Rusty Wallace all smiles after “one more round” at Daytona

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For the first time since the 2005 season finale at Homestead-Miami, former Sprint Cup champion Rusty Wallace drove the familiar No. 2 Miller Lite Team Penske Ford during today’s Preseason Thunder testing at Daytona International Speedway.

Fittingly, he didn’t take the Deuce around for a single, slow cruise. Wallace, now working as a NASCAR television analyst, got in several runs this afternoon in the car that now belongs to fellow former Cup champ Brad Keselowski.

Per Jeff Wackerlin of MRN Radio, Wallace topped out with a lap at 192.102 mph in qualifying setup on his final run of the day – good enough for fourth on the overall chart at the time. Not too shabby.

“I really wanted to get back in the car and get a good feel for this Gen-6 car here at Daytona,” a smiling Wallace told Fox Sports. “Not only did they let me run a couple of times, they ran me for most of the day. The car is fantastic – it was real smooth and nice, and the crew was kind. I hope I helped them a little bit, you know, with a lot of feedback.”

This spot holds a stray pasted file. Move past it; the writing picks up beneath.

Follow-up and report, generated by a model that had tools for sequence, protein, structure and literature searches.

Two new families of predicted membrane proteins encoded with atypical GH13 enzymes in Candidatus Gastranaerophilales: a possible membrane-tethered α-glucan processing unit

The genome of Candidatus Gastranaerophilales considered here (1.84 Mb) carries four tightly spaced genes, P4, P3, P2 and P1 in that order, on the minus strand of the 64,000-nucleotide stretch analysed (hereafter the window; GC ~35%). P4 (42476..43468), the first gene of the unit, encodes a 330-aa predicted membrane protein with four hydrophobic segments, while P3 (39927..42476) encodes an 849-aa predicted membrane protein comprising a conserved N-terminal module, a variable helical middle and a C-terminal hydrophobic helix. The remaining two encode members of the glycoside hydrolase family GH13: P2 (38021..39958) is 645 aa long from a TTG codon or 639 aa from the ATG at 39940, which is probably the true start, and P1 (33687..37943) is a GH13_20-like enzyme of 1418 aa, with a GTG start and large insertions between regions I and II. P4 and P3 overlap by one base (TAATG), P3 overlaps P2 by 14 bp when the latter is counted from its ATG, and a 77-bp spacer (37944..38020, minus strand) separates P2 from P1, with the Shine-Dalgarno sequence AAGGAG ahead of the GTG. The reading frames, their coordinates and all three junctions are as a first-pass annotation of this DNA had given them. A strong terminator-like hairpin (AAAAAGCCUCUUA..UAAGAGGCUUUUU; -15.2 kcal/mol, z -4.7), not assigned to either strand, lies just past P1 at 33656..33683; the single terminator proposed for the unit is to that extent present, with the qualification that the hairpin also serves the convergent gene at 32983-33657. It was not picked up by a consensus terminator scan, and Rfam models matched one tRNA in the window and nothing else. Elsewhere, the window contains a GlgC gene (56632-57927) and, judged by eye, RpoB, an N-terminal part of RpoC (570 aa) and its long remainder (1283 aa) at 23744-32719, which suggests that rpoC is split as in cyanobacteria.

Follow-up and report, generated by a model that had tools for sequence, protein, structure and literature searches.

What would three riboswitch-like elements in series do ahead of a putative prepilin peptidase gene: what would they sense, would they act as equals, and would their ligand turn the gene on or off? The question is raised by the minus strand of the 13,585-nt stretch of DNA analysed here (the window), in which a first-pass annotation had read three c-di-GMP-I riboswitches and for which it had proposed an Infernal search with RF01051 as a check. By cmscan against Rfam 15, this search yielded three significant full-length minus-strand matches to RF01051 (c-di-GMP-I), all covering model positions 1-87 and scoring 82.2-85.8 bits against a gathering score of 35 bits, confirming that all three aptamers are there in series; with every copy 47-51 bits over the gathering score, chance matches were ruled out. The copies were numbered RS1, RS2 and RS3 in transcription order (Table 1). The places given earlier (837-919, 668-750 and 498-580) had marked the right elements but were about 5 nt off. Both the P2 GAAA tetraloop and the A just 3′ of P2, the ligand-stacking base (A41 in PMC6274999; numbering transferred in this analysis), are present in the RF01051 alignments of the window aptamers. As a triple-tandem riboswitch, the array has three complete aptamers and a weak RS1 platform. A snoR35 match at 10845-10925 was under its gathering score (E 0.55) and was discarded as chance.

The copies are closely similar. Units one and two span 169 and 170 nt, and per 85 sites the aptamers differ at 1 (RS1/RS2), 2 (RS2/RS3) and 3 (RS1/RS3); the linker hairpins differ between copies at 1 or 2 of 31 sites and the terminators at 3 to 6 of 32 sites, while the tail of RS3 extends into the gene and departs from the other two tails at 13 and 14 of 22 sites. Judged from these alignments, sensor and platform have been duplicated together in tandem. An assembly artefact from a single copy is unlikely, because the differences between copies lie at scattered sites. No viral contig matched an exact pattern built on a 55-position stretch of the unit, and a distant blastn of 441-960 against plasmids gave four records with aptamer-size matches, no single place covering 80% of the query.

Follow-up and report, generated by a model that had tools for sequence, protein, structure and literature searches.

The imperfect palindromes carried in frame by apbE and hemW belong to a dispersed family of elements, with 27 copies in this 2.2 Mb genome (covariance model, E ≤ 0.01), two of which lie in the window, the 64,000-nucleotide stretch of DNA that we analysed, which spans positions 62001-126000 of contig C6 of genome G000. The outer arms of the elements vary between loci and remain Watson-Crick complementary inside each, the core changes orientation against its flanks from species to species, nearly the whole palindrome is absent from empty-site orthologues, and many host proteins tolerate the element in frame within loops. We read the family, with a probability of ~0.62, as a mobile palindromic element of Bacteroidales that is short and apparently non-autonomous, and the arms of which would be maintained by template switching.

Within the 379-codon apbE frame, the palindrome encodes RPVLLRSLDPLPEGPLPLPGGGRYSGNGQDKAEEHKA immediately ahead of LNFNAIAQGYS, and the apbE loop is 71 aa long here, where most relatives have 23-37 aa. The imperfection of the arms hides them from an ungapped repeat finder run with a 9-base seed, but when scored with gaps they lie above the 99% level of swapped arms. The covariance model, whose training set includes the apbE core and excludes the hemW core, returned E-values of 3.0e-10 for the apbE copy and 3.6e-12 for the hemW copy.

Standing next to Wallace was Keselowski, who had noted earlier during Fox’s telecast that Wallace raced against his father and that he himself had worn a “Rusty shirt” in his fourth-grade school picture.

Like Wallace, Keselowski was tickled over the event.

“It means a lot to me,” he said. “Rusty is probably the reason why Miller Lite and Penske stayed together  and got to the point to where I’d have this opportunity. I’d like to think I wouldn’t be here if it wasn’t for guys like Rusty and, specifically, what he did for the No. 2 team.

“This is our way of showing the honor and respect back, and it’s so important. We’ve got a lot of people that make this program possible, and Rusty is certainly one of them. He was such a large part of it, but we want to show respect back to them. We were able to do that with Rusty. It was my pleasure.”

Wallace won the 1989 Cup championship in the No. 27 car for Blue Max Racing, but it’s his No. 2 Miller-backed ride that may be his most well-known. He brought the Miller sponsorship to Team Penske in 1991, and Wallace wound up earning 39 victories for Penske while bearing the beer giant’s colors.